Just when you think you have a pretty good understanding of the landscape, it shifts. You see the same things, but you see them in a different way, like removing the filter of designer shades [or your last Instagram post]. It isn’t negative; it still works. Maybe it works better than you originally suspected? It always seems worthwhile to shuffle back and forth for a bit just to make sure.
It was going to take someone like Nikola Jokić to prove that what he is currently doing could, in fact, be done. In the NBA in 2019, it is illogical at best, and malpractice at worst, to assume that a big man of most vintages could orchestrate an entire offense, such that passes from the elbows cease being a novelty or the in-between to something better on their way to becoming essential.
In a way that roughly approximates the annual appreciation of Al Horford’s defense, Nikola Jokić has been sensational for the Denver Nuggets in these playoffs. The implications of that adjective are exactly what I mean – you, the viewer, can feel Jokić’s impact on games just as his own teammates, and the typically-confused opposition, feel it.
“Grantland East” – Rembert Browne
Decked out in a red flannel shirt, the kind that suggests a casual work environment, Juliet Litman enthusiastically welcomed her congregation, a throng of young dudes, mostly white, with a few willing and able women scattered about. These parishioners had come to Le Poisson Rouge in Greenwich Village, site of the Madden lectures a little over a month prior, to pay final respects to the most important sports blog ever, the recently-deceased standard for longform pop journalism and the sort of offbeat topics you concoct in your dorm lounge late one night after several too many adult beverages. This was the Grantland wake.
Wake up, dust off your finest Jordans, throw on a pair of sunglasses and tell the world to deal with it, because the NBA is finally back on your television tonight. Three games featuring five playoff teams from a year ago, including the defending champion Golden State Warriors, return us to the hardwood. So much has transpired this offseason, it can be easy to get caught up in it. Such is life in the 24/7/365 NBA, if you allow it to be.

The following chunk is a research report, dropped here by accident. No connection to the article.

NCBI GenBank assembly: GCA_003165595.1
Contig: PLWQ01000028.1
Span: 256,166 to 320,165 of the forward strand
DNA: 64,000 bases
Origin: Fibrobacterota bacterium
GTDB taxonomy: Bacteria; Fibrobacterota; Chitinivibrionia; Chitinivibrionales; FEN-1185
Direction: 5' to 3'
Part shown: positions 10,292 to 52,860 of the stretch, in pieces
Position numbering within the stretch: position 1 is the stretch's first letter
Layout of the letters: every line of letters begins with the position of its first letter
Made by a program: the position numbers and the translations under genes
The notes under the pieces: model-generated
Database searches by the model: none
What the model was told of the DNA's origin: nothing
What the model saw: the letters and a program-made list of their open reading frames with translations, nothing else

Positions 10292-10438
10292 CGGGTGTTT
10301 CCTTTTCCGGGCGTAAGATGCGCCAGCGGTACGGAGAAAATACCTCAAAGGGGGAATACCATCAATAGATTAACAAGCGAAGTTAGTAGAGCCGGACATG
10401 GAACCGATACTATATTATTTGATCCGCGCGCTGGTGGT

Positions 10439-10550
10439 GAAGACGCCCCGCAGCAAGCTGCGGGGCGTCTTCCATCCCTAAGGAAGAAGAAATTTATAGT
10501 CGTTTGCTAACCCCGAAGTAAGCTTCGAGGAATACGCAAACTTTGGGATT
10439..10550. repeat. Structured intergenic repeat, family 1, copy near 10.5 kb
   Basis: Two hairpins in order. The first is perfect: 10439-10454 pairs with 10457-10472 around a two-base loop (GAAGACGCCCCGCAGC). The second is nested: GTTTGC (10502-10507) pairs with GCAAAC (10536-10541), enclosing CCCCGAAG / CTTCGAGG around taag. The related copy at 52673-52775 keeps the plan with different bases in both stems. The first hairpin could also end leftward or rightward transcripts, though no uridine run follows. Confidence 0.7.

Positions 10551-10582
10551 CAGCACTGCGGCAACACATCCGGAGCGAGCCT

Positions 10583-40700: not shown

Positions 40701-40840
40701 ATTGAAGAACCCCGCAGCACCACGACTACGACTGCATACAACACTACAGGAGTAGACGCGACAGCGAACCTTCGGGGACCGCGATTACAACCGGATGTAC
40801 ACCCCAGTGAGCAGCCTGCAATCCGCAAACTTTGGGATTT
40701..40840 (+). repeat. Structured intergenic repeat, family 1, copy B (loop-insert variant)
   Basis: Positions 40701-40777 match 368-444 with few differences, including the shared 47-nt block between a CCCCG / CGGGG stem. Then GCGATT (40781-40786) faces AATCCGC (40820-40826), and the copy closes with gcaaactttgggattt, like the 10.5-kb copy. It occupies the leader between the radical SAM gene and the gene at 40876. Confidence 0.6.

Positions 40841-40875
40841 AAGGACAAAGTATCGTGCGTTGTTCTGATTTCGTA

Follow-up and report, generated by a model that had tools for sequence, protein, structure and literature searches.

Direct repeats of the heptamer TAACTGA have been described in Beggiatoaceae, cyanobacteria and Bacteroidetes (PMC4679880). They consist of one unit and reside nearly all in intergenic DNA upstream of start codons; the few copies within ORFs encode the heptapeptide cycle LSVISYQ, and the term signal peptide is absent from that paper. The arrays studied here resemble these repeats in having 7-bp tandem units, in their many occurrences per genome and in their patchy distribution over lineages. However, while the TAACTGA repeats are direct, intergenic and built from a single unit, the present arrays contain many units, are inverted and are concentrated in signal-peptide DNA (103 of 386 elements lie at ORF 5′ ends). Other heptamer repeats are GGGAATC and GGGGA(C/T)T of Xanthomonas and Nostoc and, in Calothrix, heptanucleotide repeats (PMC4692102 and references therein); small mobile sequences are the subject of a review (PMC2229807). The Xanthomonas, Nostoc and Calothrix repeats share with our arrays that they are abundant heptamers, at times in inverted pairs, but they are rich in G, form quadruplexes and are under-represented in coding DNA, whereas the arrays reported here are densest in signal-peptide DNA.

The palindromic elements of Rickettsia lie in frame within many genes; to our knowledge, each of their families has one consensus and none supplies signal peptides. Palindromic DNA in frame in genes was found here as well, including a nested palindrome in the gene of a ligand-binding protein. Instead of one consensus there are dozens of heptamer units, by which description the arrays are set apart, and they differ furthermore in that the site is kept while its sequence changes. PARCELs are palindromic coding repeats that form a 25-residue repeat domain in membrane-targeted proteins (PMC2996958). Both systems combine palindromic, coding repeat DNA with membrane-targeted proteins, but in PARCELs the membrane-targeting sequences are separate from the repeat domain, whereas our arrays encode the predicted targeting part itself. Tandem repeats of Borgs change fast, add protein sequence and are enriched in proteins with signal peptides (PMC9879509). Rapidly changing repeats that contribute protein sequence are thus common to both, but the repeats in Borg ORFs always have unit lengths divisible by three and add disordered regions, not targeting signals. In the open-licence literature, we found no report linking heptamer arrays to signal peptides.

We can only say and think so much about basketball, however, without there being any games. Before the first tip-off of the season (Cavs/Bulls or, if you prefer, Hawks/Pistons, tonight at 8 pm), let’s spare a thought – not necessarily a prediction, though there will be more than a fair share of those – to each franchise, in alphabetical order. Some of them may be painfully obvious or extremely misguided, because I guess I don’t think about the Minnesota Timberwolves nearly enough. Anyway, best of luck to the following teams, especially the Knicks. Those dudes are gonna need it.
On November 7th, at the behest of Blog Serf James Vasiliou, I attended my first game in the Time Warner Cable Arena of this NBA season. Much has changed since last year, of course; the historically dismal Charlotte Bobcats had re-branded themselves as the Charlotte Hornets, returning to this city one of the most recognizable symbols of its growth during the 1990s and revitalizing a brand which had never really been the same since George Shinn moved the team to New Orleans in 2002. I fully intended to write about how the Charlotte Hornets, rather than the Bobcats, had returned to their place as a rallying point for a city, a way of telling the rest of America that Charlotte hosts more than simply heartless financial institutions and an airport you hate to stop through on your way to Boston, or Philadelphia, or Dublin. I intended to write about how the Bobcats’ postseason appearance last year, only its second in franchise history, became the perfect setup for this season and the re-emergence of the Hornets at just the right time. I wanted to write about how much better purple and teal look than grey, orange, navy and whatever other random colors the Bobcats haphazardly slapped on their uniforms each season to sell more gear to their beleaguered fanbase. I wanted to write about Al Jefferson’s jump hook (I’ll do that anyway, don’t worry).
Instead, I became positively enchanted with the Hornets’ shiniest new toy. No matter what happened on the court, I could not steal a glance away from him. This is how I learned to stop worrying and love Lance Stephenson.